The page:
With summer school starting in two-and-a-half weeks, it’s “imperative” that the Los Angeles Unified School District and teachers union reach an agreement soon on COVID-19 health and safety measures for those who are on school grounds year-round, the head of United Teachers Los Angeles said Friday, June 4.
The current school reopening agreement between the union and district, which lays out health and safety standards for spring semester, will end June 30. The parties have been negotiating for weeks on similar agreements for the summer as well as the fall, when the district plans to have the vast majority of students and staff back on campus for in-person instruction.
“We are pressing for a new agreement that locks in most of the concrete, enforceable COVID protocols from our current agreement that have proven to keep students, staff and families safe,” Myart-Cruz said during her weekly update.
This would include having students and staff on campus undergo COVID-19 testing and health screenings, as well as maintaining high standards for proper room ventilation, cleaning and disinfecting, and maintaining a COVID-19 compliance task force at each school, she said.
She made no mention of how spread apart classroom desks must be — a contentious issue this past spring when desks remained 6 feet apart as part of the agreement between the district and teachers union. It limited the number of students that could be in a room, thus preventing schools from fully reopening full-time.
Myart-Cruz did note, however, that anyone on campus must continue to wear a mask when fall semester begins, though it’s possible the union and district will agree to language permitting them to revisit the issue after Sept. 1, she said.
“Having more children vaccinated may move us closer to eliminating the mask mandate, but as of right now, masking is a critical way to protect our learning communities and the most vulnerable among us,” she said. “Even as California celebrates improved COVID rates and moves toward a full reopening, our hard-hit communities continue to suffer.”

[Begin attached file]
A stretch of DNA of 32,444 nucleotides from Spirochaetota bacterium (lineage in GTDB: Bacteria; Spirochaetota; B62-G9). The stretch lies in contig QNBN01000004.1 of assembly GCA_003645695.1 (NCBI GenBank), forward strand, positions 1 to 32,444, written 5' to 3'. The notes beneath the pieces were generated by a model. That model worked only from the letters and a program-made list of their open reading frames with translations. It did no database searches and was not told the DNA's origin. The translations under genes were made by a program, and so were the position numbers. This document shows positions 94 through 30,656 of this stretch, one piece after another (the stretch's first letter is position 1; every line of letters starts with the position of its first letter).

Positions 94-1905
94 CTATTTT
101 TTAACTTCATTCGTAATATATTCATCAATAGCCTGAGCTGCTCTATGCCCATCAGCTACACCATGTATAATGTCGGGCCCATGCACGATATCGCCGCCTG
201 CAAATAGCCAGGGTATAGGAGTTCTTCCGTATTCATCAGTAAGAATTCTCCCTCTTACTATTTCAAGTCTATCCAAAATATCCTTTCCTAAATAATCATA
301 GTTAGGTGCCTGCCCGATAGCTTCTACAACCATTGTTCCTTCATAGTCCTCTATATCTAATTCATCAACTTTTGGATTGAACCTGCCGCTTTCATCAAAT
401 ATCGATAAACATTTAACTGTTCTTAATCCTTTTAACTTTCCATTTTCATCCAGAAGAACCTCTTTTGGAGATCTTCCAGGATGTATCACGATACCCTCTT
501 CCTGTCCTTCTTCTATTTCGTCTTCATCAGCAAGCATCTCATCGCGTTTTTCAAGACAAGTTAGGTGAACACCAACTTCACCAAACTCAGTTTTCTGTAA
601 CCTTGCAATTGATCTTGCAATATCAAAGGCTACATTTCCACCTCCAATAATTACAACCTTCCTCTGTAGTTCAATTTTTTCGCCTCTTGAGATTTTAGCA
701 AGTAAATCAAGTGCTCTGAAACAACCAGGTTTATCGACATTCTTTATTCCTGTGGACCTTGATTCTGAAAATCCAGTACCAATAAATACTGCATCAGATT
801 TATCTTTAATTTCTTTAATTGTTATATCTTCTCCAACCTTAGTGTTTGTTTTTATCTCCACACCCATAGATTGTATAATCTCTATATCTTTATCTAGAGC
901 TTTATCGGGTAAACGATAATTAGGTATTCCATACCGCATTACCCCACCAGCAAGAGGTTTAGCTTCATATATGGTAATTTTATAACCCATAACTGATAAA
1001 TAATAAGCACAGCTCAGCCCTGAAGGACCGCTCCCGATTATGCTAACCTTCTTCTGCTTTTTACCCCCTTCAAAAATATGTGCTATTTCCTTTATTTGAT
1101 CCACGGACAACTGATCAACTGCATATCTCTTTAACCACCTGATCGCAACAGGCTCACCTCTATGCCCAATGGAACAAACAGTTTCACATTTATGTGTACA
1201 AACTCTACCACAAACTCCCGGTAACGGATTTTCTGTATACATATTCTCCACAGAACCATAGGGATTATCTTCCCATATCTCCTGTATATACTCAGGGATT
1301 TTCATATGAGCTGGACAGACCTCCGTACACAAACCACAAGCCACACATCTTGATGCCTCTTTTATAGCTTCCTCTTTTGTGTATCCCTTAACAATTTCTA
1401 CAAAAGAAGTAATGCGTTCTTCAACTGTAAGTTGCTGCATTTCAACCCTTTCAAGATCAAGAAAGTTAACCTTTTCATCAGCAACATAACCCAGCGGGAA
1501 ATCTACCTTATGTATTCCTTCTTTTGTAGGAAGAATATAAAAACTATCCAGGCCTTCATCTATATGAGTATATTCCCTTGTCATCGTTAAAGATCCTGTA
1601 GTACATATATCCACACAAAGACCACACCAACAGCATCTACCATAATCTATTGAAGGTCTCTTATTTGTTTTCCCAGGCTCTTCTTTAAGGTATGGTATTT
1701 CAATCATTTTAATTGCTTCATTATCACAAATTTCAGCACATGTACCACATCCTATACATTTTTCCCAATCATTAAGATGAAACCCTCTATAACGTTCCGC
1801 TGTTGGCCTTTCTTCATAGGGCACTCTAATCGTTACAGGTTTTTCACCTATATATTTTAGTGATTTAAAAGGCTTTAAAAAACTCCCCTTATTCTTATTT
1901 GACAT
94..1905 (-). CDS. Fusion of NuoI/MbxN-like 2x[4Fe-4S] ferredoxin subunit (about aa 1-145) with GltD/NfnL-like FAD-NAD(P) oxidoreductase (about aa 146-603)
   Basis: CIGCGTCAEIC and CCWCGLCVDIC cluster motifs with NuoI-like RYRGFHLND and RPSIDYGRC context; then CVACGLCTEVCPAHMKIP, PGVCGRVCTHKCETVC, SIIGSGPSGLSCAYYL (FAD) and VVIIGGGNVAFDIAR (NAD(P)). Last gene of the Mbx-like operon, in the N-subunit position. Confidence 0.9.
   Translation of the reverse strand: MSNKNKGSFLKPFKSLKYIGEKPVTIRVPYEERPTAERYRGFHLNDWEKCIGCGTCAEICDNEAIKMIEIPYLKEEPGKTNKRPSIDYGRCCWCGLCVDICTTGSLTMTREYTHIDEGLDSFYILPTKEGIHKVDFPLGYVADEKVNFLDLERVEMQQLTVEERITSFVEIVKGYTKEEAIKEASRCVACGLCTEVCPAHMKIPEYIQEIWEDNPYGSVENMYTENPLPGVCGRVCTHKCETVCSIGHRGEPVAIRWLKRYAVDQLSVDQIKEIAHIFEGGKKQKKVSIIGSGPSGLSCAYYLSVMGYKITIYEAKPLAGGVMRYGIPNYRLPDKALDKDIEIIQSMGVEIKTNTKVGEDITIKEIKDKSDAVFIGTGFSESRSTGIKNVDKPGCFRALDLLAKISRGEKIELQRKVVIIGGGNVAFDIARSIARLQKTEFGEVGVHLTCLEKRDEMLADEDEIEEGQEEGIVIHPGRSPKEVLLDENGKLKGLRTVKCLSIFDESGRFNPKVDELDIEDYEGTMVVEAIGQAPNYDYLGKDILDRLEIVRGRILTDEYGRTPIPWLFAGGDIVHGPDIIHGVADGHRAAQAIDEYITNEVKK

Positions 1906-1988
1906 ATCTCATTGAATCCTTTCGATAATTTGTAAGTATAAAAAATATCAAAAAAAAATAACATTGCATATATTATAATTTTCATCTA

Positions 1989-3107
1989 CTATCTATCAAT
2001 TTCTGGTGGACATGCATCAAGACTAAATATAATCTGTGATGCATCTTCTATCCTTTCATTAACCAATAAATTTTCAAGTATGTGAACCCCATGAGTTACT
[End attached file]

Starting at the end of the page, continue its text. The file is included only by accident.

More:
Some parents have complained about the mask mandate, especially as state officials have announced that California’s mask mandate will end in most circumstances after June 15. Superintendent Austin Beutner has also been supportive of a continued mask mandate at schools for the time being, noting that the majority of students have not been vaccinated.
In other bargaining news, Myart-Cruz acknowledged again Friday that the district and union are in talks to return to a more traditional school day, noting that the parties are considering ending hybrid instructional models.
A recent survey of UTLA members indicated that the hybrid schedule was the most challenging aspect of returning to in-person learning this spring. In Los Angeles, elementary teachers had to repeat their lessons twice — first to a morning cohort of students, then again to an afternoon cohort — and at the secondary level, teachers often had to report in-person to empty or near-empty classrooms while continuing to provide instructions online to students.
A return to more normal settings, where students can build deeper relationships with teachers, peers and other adults such as counselors, is possible for the fall, Myart-Cruz said. While she hadn’t ruled out this possibility before, she had said in late April that it was too early then to tell what infection rates might look like in the fall and whether the union would be comfortable with a full reopening of schools. That comment raised concerns among parents seeking a firm commitment from the district that schools will offer full-day instruction five days a week.
“Thankfully it looks like we will be able to achieve that next year if pandemic conditions continue to improve,” she said of a return to a more normal school day.
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At the same time, she noted that the union and district are in talks over an online academy to offer students whose families wish to remain in distance learning.
And as she’d previously reported, Myart-Cruz reiterated that UTLA has proposed that the district offer signing bonuses to new hires as a way to recruit educators during a time when there is a “historic” shortage of available educators in the labor market.
Additionally, the union is continuing to push for child care options for district employees as a way to recruit and retain high-quality educators. A benefit the district offered this spring to help working parents during the pandemic — in which qualifying employees receive a $500 monthly stipend for each child 5 or younger enrolled in a state-licensed child care program — will end July 31. It also agreed to a work-day flexibility for teachers with child care issues last month.